Wednesday, December 20, 2023

(D&D 3.5) Races of Destiny

Oh, man, sometimes you make a harmless-seeming wish like "I wish these Races of . . . books could be more interesting" and the monkey's paw curls and you get a book like Races of Destiny (David Noonan, Eric Cagle, Aaron Rosenberg) which is ostensibly giving human and part-human characters the same rpg treatment as elves, dwarves, et al, but the net result is just all of D&D's weird race stuff condensed down to its purest essence. But also, it's generally the least vanilla any of this series has ever been, and . . . I HAVE MIXED FEELINGS ABOUT ALL OF THIS.

There's a section labeled "Human Psychology." It's a page and a half long. They gave themselves a page and a half to talk about human psychology

Obviously, they've got an unenviable task here, because they can't just say "You know what a fucking human is, you don't need us to explain them to you. That is, in fact, why they're here. Humans are ubiquitous because the game is written by, for, and about people and every person you've ever met is human. Demi-humans are served around the edges as an amuse bouche, but humans are the fucking main course because there are entire libraries filled with books about human psychology and elves are just a thing we made up."

And if you can't say something along those lines, you've got to go with your second choice and try to give humans a "deal" so that they are reasonably competitive with the other fantasy creatures. Usually, that deal is some nonsense like "versatility" or "adaptability" (as if those traits weren't just part and parcel with being an intelligent creature), and Races of Destiny does dabble around in that area, but it also makes the dubious choice of characterizing humans as aggressively colonialist, and that's kind of a bad look.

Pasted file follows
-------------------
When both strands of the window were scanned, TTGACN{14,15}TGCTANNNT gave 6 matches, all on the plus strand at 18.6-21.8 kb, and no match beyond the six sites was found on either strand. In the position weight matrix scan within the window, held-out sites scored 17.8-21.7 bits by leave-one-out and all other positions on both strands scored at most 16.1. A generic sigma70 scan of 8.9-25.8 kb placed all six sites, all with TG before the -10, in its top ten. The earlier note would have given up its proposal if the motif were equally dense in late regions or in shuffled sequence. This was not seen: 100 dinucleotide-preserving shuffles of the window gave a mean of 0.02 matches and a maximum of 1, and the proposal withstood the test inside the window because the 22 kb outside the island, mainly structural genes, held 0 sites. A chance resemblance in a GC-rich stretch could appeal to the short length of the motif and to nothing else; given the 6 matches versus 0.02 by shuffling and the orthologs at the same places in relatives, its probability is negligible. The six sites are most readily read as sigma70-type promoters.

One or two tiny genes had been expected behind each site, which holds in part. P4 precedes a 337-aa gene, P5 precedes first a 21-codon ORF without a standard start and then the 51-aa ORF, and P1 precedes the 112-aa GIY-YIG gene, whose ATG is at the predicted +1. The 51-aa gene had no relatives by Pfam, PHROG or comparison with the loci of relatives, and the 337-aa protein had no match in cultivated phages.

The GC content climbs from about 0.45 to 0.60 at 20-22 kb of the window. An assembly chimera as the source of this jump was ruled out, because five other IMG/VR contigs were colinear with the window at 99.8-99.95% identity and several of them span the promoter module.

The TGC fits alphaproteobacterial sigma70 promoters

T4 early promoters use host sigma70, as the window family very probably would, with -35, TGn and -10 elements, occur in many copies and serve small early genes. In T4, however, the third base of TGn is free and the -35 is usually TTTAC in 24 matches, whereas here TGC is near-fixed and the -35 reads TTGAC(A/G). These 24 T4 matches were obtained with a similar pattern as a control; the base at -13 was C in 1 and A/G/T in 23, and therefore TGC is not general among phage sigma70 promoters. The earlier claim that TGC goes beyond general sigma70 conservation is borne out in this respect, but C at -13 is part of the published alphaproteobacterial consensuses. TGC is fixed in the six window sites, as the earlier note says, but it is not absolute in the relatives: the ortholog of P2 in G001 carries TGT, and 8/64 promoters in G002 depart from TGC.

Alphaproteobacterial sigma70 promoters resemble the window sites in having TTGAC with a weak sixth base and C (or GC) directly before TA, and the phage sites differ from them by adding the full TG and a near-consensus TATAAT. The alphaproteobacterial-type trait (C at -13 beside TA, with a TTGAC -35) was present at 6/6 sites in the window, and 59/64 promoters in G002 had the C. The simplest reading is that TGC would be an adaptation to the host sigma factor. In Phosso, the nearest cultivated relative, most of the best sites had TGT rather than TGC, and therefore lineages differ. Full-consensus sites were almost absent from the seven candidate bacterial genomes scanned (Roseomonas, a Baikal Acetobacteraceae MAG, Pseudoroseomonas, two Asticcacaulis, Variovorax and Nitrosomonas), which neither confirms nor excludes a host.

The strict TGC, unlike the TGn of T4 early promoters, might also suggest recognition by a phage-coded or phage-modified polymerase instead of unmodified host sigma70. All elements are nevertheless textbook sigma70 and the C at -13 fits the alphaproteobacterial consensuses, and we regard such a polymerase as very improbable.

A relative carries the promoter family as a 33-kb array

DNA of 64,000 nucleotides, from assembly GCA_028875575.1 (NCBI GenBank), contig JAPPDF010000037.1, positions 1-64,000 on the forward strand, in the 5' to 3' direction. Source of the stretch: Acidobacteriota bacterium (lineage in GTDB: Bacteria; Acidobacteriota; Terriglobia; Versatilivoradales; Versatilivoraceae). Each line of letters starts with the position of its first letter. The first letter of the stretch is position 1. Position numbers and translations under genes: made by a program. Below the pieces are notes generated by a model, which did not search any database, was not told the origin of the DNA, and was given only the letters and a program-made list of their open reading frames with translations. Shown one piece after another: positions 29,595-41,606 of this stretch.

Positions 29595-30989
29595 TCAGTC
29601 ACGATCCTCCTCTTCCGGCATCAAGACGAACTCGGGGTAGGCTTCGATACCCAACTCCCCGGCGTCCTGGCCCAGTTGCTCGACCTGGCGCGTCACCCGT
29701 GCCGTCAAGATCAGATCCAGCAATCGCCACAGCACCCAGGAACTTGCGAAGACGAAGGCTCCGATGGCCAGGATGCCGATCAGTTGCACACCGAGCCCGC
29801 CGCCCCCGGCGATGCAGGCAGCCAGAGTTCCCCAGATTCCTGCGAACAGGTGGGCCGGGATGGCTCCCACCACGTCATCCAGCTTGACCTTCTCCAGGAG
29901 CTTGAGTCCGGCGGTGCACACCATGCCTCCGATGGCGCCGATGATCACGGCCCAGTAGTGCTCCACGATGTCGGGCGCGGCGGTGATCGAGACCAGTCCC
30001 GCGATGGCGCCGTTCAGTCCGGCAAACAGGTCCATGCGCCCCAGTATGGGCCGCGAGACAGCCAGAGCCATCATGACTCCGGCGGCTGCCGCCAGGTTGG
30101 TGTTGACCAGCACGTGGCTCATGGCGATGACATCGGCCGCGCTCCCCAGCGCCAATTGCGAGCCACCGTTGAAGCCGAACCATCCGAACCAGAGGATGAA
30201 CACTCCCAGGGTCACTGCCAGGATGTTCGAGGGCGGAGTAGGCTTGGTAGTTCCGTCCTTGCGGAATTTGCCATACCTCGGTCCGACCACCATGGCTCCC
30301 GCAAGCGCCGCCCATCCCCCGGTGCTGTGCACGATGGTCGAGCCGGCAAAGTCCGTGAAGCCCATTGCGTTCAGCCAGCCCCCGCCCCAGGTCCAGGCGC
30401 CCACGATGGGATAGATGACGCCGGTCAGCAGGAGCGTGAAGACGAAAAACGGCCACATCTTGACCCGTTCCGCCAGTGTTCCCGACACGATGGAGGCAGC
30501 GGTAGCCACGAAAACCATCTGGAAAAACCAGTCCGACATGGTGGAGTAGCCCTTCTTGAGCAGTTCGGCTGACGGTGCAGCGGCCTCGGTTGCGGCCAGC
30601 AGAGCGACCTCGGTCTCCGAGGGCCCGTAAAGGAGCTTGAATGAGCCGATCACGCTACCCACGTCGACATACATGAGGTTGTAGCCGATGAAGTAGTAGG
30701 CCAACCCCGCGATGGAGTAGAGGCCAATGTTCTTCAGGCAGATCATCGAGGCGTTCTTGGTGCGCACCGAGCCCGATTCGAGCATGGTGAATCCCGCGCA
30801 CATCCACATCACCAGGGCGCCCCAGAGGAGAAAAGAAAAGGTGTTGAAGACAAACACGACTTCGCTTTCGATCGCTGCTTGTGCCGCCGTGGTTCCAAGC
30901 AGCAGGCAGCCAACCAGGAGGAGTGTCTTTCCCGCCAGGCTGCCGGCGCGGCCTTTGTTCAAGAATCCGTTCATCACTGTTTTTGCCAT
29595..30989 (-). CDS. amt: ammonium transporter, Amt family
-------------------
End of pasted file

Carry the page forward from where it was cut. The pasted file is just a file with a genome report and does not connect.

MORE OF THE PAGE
"Human societies are always moving forward, looking for new place to conquer, new areas to settle, new industries to develop." Combine that with the observation that "In human cities, the streets are straight whenever possible, intersecting with others to form a grid pattern" and you kind of get the key to all this - D&D humans are an idealized version of 20th century Americans. You see, all that stuff about expansionism and capitalism and tolerance of other races and personal ambition and general belligerence . . . that's just human nature.

Honestly, though, I can't be too mad at the book just for that. What am I doing here, looking at a 20-year-old D&D supplement and shouting, "YOU SHOULD BE MORE MINDFUL OF YOUR IMPLICIT BIASES." There was no way that chapter was ever going to be good. They clearly tried their best with an impossible task.

What I can be mad about is the chapter about Half-Elves and Half-Orcs. Hoo boy, that was a rough read. I have to confess, I have a certain degree of . . . let's call it "sympathy" for people who don't want to engage with the racial coding of D&D races. They're absolutely wrong in their position that it's "just a game" and they should definitely grow up and stop being afraid to confront the unexamined prejudice that encoded into the very structure of the game. But I can see how, if you really didn't think about it too hard, you could have a vague idea of "humans vs orcs" as being a matter of team jerseys. It's a game about fighting, you've got a group of guys who are like, "we love fighting, argh! We don't even need much of a reason, grr!" and it makes perfect sense that some people would be all, "hey, we like those guys exactly as they are." 

However, there is absolutely no way to read chapter 2 of this book and still come away with the notion that this is all just in innocent fun. Because it is not fun, like at all. Sometimes, it will threaten to briefly seem like it might become fun, and then it tosses in a line like, "Few half-orcs learn to read or write. Orcs have little use for literacy and humans see little point in teaching half-orc children a capability they will probably never need and might be too dumb to learn."